The Algebra of Infinite Justice

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The Algebra of Infinite Justice
by Arundhati Roy
The Progressive magazine, December 2001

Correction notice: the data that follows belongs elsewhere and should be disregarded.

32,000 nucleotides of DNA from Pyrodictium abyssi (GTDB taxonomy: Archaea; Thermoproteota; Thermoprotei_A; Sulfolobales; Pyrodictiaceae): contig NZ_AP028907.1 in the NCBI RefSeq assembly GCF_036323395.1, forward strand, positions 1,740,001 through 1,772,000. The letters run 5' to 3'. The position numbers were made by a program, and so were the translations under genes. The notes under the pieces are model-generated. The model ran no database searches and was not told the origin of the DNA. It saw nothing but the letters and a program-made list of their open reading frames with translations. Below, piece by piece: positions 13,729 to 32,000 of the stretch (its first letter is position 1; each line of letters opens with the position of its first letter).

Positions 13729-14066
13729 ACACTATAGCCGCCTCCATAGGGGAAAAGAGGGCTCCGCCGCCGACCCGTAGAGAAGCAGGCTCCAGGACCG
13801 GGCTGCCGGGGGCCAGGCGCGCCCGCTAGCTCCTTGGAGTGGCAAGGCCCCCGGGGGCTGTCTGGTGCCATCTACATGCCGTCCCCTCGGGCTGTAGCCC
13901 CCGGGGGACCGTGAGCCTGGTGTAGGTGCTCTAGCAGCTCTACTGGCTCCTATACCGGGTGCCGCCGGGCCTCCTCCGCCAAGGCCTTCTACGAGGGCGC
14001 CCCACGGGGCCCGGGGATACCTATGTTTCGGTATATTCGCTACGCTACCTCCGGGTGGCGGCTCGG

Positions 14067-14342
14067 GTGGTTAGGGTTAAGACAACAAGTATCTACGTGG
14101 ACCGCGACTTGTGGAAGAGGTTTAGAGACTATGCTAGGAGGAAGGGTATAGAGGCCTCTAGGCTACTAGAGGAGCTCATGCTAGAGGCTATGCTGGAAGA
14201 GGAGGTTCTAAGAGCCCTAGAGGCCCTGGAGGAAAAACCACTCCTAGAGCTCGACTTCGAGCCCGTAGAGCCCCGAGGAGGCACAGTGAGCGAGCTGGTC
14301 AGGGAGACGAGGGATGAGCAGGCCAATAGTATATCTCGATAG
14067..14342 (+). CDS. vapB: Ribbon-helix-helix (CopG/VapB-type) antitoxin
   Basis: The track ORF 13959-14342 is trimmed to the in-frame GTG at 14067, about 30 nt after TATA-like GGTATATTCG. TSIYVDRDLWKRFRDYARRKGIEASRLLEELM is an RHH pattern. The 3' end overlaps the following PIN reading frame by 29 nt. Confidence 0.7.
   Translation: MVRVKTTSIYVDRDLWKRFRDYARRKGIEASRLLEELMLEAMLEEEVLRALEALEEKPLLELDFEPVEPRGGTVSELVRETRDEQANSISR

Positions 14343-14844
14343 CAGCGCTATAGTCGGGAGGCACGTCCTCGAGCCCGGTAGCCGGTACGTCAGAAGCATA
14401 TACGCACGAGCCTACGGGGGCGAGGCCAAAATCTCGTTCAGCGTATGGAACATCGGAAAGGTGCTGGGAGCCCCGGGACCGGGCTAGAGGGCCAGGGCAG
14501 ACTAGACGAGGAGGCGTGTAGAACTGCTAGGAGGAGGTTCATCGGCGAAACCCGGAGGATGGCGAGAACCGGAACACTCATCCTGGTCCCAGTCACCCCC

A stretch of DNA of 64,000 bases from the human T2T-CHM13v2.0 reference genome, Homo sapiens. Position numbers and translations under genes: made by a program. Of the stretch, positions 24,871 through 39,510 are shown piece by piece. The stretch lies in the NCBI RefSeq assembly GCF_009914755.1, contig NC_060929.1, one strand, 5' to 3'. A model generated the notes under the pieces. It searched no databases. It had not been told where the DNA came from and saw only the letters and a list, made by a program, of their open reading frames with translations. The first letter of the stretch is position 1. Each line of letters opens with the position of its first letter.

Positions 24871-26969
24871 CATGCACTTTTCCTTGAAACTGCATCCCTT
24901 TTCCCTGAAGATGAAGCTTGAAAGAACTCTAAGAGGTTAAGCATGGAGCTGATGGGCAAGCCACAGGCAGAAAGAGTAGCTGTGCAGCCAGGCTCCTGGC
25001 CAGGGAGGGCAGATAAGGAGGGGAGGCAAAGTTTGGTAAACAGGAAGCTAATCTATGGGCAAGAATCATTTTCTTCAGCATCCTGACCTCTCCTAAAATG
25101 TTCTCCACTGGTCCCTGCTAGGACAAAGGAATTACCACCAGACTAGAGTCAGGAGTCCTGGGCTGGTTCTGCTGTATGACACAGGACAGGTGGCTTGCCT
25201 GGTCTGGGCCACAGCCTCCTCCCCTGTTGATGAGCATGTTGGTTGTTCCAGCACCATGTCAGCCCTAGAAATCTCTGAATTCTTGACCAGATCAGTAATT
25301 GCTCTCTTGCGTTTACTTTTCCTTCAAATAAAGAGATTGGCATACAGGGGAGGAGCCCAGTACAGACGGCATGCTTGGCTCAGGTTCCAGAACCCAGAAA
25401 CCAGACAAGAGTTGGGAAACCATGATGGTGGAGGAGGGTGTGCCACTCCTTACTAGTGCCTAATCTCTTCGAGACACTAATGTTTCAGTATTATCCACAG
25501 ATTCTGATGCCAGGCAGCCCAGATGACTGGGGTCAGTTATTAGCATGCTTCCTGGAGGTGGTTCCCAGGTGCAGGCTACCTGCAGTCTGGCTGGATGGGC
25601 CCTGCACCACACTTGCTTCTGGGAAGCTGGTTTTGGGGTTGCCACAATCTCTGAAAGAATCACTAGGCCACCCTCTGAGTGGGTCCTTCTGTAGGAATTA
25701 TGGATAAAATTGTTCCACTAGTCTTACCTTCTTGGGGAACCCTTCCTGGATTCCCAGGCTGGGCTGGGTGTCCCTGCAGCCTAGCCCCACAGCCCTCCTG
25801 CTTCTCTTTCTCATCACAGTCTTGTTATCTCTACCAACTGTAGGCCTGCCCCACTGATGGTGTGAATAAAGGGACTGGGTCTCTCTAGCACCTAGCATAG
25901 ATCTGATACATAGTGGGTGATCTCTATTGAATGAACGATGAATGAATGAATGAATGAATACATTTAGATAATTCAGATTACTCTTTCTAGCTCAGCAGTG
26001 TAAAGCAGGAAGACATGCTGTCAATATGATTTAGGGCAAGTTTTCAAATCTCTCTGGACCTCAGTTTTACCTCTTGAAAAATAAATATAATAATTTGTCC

It must be hard for ordinary Americans, so recently bereaved, to look up at the world with their eyes full of tears and encounter what might appear to them to be indifference. It isn't indifference. It's just augury. An absence of surprise. The tired wisdom of knowing that what goes around eventually comes around. The American people ought to know that it is not them, but their government's policies, that are so hated. Bush's almost god-like mission- called Operation Infinite Justice until it was pointed out that this could be seen as an insult to Muslims, who believe that only Allah can mete out infinite justice, and was renamed Operation Enduring Freedom- requires some small clarifications. For example, Infinite Justice/Enduring Freedom for whom? In 1996, Madeleine Albright, then the U.S. Ambassador to the United Nations, was asked on national television what she felt about the fact that 500,000 Iraqi children had died as a result of economic sanctions the U.S. insisted upon. She replied that it was "a very hard choice," but that all things considered, "we think the price is worth it." Albright never lost her job for saying this. She continued to travel the world representing the views and aspirations of the U.S. government. More pertinently, the sanctions against Iraq remain in place. Children continue to die. So here we have it. The equivocating distinction between civilization and savagery, between the "massacre of innocent people" or, if you like, the "clash of civilizations" and "collateral damage." The sophistry and fastidious algebra of Infinite Justice. How many dead Iraqis will it take to make the world a better place? How many dead Afghans for every dead American? How many dead children for every dead man? How many dead mujahedeen for each dead investment banker? The American people may be a little fuzzy about where exactly Afghanistan is (we hear reports that there's a run on maps of the country), but the U.S. government and Afghanistan are old friends. In 1979, after the Soviet invasion of Afghanistan, the CIA and Pakistan's ISI (Inter-Services Intelligence) launched the CIA's largest covert operation since the Vietnam War. Their purpose was to harness the energy of Afghan resistance and expand it into a holy war, an Islamic jihad, which would turn Muslim countries within the Soviet Union against the communist regime and eventually destabilize it. When it began, it was meant to be the Soviet Union's Vietnam. It turned out to be much more than that. Over the years, through the ISI, the CIA funded and recruited tens of thousands of radical majahedeen from forty Islamic countries as soldiers for America's proxy war. The rank and file of the mujahedeen were unaware that their jihad was actually being fought on behalf of Uncle Sam. In 1989, after being bloodied by ten years of relentless conflict, the Russians withdrew, leaving behind a civilization reduced to rubble. Civil War in Afghanistan raged on. The jihad spread to Chechnya, Kosovo, and eventually to Kashmir. The CIA continued to pour in money and military equipment, but the overhead had become immense, and more money was needed. The mujahedeen ordered farmers to plant opium as a "revolutionary tax." Under the protection of the ISI, hundreds of heroin processing laboratories were set up across Afghanistan. Within two years of the CIA's arrival, the Pakistan/Afghanistan borderland had become the biggest producer of heroin in the world, and the single biggest source on American streets. The annual profits, said to be between $100 and $200 billion, were ploughed back into training and arming militants. In 1996, the Taliban-then a marginal sect of dangerous, hard-line fundamentalists-fought its way to power in Afghanistan. It was funded by the ISI, that old cohort of the CIA, and supported by many political parties in Pakistan. The Taliban unleashed a regime of...
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